Discussion on issues like Rules of origin, Customs procedures and trade facilitation including digitization, sanitary and phyto sanitary measures and technical regulations and dispute settlement will also help both sides in reaching trilateral convergence on the Resilient Supply Chains Initiative where Japan is their common partner. Unless businesses – and in particular, big businesses come together and are convinced – a limited or a comprehensive agreement cannot reach a fruitful conclusion. Outreach efforts in both countries by the negotiators will therefore need to be stepped up substantially, and the benefits conveyed convincingly. There is a lot to gain if the CECA comes around quickly for both countries.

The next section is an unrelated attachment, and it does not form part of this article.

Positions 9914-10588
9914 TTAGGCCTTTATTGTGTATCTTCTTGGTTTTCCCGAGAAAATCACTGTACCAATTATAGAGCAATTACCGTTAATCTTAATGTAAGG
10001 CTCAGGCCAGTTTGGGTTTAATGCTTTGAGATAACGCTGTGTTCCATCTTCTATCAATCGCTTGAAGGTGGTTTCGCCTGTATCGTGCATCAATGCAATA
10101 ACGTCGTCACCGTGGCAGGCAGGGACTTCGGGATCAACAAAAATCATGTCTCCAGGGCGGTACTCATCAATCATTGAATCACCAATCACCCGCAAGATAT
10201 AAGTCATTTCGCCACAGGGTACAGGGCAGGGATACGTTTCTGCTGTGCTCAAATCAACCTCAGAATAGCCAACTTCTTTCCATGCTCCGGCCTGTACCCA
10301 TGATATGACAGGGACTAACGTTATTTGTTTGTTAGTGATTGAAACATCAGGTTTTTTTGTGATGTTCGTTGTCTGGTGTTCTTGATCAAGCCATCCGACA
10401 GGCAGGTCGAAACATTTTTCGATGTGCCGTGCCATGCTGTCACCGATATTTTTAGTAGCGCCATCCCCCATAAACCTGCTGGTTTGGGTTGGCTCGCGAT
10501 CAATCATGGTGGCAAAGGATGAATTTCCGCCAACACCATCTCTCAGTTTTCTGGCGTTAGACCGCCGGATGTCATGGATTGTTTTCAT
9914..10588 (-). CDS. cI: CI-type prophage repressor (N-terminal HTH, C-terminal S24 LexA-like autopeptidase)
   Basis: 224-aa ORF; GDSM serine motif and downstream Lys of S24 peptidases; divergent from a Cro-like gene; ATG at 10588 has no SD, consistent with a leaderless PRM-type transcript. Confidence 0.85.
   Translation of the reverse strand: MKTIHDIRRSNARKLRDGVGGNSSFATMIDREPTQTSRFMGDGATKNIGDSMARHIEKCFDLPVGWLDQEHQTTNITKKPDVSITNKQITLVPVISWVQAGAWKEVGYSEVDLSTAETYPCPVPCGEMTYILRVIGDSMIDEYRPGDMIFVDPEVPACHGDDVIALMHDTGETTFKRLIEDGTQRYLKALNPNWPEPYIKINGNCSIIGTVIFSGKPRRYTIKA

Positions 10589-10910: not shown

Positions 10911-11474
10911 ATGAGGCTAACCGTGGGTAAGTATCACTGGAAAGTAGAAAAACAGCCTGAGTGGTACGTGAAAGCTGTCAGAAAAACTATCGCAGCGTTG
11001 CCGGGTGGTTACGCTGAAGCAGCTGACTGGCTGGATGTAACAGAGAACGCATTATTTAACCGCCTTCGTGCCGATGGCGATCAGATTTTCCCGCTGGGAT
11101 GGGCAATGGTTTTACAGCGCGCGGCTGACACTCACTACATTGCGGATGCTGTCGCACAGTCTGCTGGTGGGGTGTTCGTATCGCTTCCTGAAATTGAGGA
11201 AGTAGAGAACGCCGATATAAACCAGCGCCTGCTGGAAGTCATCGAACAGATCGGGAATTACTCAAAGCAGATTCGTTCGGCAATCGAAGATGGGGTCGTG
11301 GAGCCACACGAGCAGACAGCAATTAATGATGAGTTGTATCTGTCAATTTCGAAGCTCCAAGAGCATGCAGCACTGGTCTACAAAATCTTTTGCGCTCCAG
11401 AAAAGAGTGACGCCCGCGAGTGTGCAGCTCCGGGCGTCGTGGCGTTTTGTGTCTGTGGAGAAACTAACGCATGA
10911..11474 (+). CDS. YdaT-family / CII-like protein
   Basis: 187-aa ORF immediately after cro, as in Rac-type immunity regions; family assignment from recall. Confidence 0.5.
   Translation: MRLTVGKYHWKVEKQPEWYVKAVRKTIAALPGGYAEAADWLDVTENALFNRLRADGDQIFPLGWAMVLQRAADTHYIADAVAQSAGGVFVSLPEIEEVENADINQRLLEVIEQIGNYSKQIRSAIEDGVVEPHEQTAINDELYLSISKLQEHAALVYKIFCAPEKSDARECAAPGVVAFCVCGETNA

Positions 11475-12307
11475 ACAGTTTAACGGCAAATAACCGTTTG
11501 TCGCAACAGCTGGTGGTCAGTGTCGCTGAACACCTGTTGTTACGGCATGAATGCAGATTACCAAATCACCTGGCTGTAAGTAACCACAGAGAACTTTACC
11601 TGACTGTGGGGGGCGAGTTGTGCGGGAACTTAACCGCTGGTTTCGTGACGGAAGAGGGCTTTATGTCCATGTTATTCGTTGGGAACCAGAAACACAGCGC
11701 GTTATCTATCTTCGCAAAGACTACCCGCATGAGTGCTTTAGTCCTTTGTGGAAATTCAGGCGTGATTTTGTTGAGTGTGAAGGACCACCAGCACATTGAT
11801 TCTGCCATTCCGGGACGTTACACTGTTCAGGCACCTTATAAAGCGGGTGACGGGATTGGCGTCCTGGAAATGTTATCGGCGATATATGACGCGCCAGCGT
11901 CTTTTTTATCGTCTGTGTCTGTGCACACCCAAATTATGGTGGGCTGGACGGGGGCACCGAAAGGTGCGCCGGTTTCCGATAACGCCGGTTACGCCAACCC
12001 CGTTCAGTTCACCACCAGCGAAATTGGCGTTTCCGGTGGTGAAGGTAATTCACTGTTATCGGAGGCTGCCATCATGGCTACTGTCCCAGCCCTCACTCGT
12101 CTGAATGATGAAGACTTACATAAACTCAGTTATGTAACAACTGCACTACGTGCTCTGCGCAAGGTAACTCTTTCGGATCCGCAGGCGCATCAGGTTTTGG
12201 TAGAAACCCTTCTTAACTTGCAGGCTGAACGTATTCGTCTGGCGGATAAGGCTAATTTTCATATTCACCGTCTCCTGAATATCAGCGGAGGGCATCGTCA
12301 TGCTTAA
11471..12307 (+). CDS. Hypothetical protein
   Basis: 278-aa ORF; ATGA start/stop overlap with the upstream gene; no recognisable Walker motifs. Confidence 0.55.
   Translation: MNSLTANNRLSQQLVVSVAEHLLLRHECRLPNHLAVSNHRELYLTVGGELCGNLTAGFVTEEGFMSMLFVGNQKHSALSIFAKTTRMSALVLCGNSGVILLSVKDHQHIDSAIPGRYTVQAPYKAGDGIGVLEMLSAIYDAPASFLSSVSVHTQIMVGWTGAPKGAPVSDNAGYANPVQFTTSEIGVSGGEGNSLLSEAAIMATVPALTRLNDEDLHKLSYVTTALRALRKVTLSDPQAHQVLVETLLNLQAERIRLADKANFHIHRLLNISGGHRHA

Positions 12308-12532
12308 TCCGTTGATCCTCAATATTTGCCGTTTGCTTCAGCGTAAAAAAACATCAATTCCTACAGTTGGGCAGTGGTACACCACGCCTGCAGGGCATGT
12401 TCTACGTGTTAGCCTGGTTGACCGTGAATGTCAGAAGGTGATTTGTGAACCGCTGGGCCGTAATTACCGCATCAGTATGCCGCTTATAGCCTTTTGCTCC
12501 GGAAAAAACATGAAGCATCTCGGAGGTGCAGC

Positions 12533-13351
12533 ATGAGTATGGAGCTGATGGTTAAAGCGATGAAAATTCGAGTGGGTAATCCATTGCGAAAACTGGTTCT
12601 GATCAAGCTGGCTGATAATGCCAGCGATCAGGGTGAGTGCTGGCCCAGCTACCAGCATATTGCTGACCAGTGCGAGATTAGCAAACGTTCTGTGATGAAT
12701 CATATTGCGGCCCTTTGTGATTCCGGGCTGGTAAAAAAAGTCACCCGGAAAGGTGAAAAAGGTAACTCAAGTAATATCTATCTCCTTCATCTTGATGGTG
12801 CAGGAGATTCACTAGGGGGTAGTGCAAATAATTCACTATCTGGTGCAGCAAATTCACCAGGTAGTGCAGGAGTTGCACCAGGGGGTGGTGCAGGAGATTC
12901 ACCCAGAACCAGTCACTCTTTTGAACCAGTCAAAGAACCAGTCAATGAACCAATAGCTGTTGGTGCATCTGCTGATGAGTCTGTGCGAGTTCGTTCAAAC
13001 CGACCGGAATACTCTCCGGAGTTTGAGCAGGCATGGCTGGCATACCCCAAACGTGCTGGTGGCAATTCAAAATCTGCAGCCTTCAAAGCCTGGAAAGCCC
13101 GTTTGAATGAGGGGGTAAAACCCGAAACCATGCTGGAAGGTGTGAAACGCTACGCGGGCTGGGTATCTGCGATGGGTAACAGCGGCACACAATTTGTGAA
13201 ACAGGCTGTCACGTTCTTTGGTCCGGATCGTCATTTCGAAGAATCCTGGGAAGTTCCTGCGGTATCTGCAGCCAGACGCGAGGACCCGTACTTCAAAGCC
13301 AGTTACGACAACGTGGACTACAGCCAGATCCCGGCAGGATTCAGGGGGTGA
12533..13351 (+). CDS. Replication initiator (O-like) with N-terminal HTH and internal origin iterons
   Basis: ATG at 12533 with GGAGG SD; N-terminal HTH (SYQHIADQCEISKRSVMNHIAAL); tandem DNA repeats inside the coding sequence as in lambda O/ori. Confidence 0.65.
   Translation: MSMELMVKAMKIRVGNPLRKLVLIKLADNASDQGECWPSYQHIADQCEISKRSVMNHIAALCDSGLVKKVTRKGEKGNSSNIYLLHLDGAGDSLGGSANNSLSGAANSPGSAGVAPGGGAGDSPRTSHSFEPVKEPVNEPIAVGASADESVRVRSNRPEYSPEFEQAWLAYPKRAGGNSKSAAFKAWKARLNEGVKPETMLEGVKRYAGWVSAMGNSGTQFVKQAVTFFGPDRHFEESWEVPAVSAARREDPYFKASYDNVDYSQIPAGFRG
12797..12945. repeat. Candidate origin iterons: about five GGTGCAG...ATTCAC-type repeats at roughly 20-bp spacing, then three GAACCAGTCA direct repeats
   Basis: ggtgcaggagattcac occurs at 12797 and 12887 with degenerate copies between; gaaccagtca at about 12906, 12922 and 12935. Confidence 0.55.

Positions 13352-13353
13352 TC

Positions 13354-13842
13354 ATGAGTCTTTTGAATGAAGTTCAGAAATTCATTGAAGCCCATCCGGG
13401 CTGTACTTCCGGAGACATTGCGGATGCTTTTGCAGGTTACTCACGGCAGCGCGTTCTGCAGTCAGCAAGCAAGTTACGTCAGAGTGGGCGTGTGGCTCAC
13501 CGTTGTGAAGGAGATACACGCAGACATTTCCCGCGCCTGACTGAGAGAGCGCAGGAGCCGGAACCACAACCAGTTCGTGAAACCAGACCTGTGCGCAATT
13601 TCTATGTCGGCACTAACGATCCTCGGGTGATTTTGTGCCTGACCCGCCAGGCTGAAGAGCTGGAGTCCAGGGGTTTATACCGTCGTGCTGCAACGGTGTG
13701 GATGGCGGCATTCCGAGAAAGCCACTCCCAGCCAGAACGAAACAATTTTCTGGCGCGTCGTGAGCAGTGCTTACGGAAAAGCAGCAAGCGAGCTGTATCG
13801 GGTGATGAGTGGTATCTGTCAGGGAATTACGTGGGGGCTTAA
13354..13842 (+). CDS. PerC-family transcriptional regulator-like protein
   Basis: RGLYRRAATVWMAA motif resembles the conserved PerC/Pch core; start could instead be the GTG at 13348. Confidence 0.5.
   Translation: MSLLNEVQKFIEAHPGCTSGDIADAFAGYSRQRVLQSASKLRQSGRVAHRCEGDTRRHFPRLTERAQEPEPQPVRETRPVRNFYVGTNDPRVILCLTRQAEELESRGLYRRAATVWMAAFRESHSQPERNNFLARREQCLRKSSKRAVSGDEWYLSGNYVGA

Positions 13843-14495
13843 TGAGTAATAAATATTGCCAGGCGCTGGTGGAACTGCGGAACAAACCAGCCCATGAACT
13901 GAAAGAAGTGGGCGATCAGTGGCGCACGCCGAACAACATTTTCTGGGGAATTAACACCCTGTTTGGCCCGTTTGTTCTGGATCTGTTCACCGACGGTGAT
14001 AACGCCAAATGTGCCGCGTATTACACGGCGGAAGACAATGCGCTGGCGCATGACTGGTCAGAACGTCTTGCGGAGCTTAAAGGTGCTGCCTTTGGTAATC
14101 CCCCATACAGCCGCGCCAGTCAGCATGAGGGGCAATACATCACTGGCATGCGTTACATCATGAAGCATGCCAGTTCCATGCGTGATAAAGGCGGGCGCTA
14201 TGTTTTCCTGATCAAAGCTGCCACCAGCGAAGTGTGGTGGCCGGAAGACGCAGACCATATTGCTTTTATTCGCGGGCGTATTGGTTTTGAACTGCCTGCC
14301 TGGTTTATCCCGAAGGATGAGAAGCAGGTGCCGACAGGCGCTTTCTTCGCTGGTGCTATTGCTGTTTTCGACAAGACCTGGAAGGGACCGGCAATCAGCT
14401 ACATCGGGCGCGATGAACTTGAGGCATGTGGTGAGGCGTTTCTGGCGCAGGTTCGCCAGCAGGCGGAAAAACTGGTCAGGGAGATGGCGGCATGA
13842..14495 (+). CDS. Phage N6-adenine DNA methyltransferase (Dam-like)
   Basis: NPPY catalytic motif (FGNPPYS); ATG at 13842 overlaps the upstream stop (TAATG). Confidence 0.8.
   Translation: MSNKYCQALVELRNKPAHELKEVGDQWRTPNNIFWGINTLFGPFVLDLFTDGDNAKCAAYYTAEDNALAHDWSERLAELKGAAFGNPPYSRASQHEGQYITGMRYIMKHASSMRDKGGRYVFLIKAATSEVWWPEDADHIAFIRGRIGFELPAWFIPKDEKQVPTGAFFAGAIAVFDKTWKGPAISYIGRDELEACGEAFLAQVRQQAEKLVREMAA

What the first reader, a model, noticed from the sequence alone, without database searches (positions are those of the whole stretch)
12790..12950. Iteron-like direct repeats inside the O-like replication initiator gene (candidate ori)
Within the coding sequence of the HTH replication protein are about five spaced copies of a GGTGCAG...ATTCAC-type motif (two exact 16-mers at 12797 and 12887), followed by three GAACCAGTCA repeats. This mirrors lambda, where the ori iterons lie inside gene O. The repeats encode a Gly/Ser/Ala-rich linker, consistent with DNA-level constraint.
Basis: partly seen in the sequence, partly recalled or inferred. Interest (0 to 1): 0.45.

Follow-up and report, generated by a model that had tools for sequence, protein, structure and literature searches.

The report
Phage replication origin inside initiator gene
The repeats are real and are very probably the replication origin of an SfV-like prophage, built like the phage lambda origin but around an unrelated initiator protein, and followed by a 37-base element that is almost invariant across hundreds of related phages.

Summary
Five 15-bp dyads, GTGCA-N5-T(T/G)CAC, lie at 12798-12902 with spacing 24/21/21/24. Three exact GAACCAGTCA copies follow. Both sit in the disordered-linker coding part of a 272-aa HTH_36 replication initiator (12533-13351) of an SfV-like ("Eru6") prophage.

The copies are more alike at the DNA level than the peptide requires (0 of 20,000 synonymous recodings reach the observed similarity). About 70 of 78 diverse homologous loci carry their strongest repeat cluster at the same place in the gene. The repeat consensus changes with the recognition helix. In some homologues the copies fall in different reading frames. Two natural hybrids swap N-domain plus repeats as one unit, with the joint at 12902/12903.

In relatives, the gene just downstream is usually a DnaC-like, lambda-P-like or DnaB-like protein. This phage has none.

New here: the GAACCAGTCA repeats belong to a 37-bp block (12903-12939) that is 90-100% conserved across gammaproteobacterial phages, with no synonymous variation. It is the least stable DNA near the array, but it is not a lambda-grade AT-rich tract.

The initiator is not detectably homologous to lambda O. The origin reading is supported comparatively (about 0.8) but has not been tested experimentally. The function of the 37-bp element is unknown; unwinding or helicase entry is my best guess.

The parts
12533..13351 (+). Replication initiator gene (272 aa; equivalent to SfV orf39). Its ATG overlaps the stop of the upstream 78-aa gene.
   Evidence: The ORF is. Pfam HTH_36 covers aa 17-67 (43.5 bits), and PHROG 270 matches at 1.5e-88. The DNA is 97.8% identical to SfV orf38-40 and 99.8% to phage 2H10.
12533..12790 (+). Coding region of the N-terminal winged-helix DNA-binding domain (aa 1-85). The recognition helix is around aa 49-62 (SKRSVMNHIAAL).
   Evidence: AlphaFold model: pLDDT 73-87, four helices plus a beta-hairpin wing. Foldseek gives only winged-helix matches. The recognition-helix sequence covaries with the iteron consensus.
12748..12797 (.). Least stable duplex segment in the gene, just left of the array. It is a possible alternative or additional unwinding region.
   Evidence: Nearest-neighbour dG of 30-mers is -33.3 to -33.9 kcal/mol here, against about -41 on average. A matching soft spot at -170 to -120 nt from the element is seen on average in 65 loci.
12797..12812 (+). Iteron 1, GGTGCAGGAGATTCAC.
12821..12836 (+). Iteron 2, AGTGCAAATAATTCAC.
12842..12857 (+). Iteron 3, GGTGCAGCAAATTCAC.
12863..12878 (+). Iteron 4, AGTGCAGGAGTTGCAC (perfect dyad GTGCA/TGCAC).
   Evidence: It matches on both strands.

(The author is a former Secretary (East) in the Indian Ministry of External Affairs, and has served as the Indian Ambassador to Poland, Oman, Thailand and Italy. Currently, he is a Distinguished Fellow with the Vivekananda International Foundation in New Delhi. Views expressed here are personal and do not reflect the official position or policy of Financial Express Online.)